For some reason, Mike McCarthy played scared and stayed as far away from Richard Sherman as possible in week one. This allowed the Seachickens talented safeties to shift their coverage over to one side of the field and hone in even tighter on Nelson and Cobb. I’m guessing McCarthy won’t re-create that failed strategy this time around. I’m also guessing that the Packers defense won’t try and re-create their failed “quad” defense (essentially, a 4-3) from week one. Look for a lot of “NASCAR” looks with five linebackers and the usual mix of base, nickel and dime.
The Packers aren’t the only team that’s different. The Seachickens no longer have Percy Harvin, which means no more jet sweeps where Harvin easily gets around the edge and zings by whichever hapless Packers defender tries to tackle him in space. And no more having to corral Harvin on kick returns. Yes, the Seachickens have done just fine since dumping Harvin, but I bet they wouldn’t mind having him this Sunday.
Different Clay Matthews
The Packers have sort of turned Matthews into a Caucasian, long-haired, front-seven version of Charles Woodson. Like a mean and nasty Energizer bunny, Matthews is wound up, placed on certain sections of the field and told to make sh*t happen. The Packers didn’t have that in week one. Matthews kept running into a wall rushing from the outside while Marshawn Lynch and the Seachickens offense feasted on the likes of Brad Jones and A.J. Hawk inside. Matthews makes plays all over the field now and helps cover for the Packers’ deficiency at inside linebacker.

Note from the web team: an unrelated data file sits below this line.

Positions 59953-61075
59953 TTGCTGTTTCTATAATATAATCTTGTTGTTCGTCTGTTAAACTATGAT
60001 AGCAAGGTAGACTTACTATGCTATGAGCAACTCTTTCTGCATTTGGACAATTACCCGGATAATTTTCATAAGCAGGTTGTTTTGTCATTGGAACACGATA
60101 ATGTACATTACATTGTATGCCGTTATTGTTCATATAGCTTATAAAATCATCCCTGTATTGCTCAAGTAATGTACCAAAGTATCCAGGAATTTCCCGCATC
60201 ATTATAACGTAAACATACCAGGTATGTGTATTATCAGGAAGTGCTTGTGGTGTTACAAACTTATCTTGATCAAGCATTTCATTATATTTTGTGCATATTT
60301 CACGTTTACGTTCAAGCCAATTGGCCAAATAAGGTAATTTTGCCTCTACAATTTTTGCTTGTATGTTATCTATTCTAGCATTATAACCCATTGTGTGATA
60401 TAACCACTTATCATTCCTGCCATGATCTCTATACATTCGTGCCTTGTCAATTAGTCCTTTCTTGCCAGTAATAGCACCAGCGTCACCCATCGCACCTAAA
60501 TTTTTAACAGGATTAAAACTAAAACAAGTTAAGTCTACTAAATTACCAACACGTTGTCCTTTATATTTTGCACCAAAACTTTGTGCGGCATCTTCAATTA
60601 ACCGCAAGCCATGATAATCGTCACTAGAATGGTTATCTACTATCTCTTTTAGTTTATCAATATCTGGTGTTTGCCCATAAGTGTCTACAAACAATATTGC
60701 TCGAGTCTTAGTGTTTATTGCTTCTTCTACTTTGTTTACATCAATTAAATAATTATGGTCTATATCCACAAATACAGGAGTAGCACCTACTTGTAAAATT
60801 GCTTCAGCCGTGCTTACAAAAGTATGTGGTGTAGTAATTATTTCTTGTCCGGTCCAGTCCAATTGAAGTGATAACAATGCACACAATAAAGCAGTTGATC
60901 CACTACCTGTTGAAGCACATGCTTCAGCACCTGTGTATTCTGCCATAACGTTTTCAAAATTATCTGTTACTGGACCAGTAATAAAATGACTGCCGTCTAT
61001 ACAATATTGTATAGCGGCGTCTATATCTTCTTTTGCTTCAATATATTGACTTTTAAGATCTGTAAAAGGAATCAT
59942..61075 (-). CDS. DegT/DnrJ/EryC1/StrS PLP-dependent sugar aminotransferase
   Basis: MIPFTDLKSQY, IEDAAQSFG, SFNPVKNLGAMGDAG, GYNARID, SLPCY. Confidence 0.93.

Different right tackle
Injuries happen. You have to fight through them and overcome. Besides B.J. Raji going down early and Rodgers injuring his calf late, the Packers have had their healthiest season in a long time. Right tackle Bryan Bulaga exited the week one game with an injury, leaving Derek Sherrod to step in his spot. The results were an absolute disaster. Of course, a similar injury could occur today (and Bulaga hasn’t exactly been reliable the few times he’s played at Seattle), but if the Packers get through this game healthy like they have most games this season, the Seachickens won’t have a swinging door at right tackle to exploit like they did in week one.
There are all kinds of differences from week one when these two teams kicked off the season. But there’s one factor that could render all those differences moot:
The Packers can handle Lynch. They can handle the loud stadium and the stupid 12th man. They won’t be afraid of Richard Sherman this time around and they can handle the Seachickens talented defense. Russell Wilson, however, he’s tough to handle. If the Seahawks win, it’ll be because Wilson is so damn good. Throwing, running, operating inside the pocket or outside, Wilson can do it all. And he won’t commit silly turnovers. The Packers will have their hands full with Wilson today. If they can beat him, it’ll be the defenses biggest achievement under Dom Capers.
Adam Czech is a a freelance sports reporter living in the Twin Cities and a proud supporter of American corn farmers. When not working, Adam is usually writing about, thinking about or worrying about the Packers. Follow Adam on Twitter. Twitter .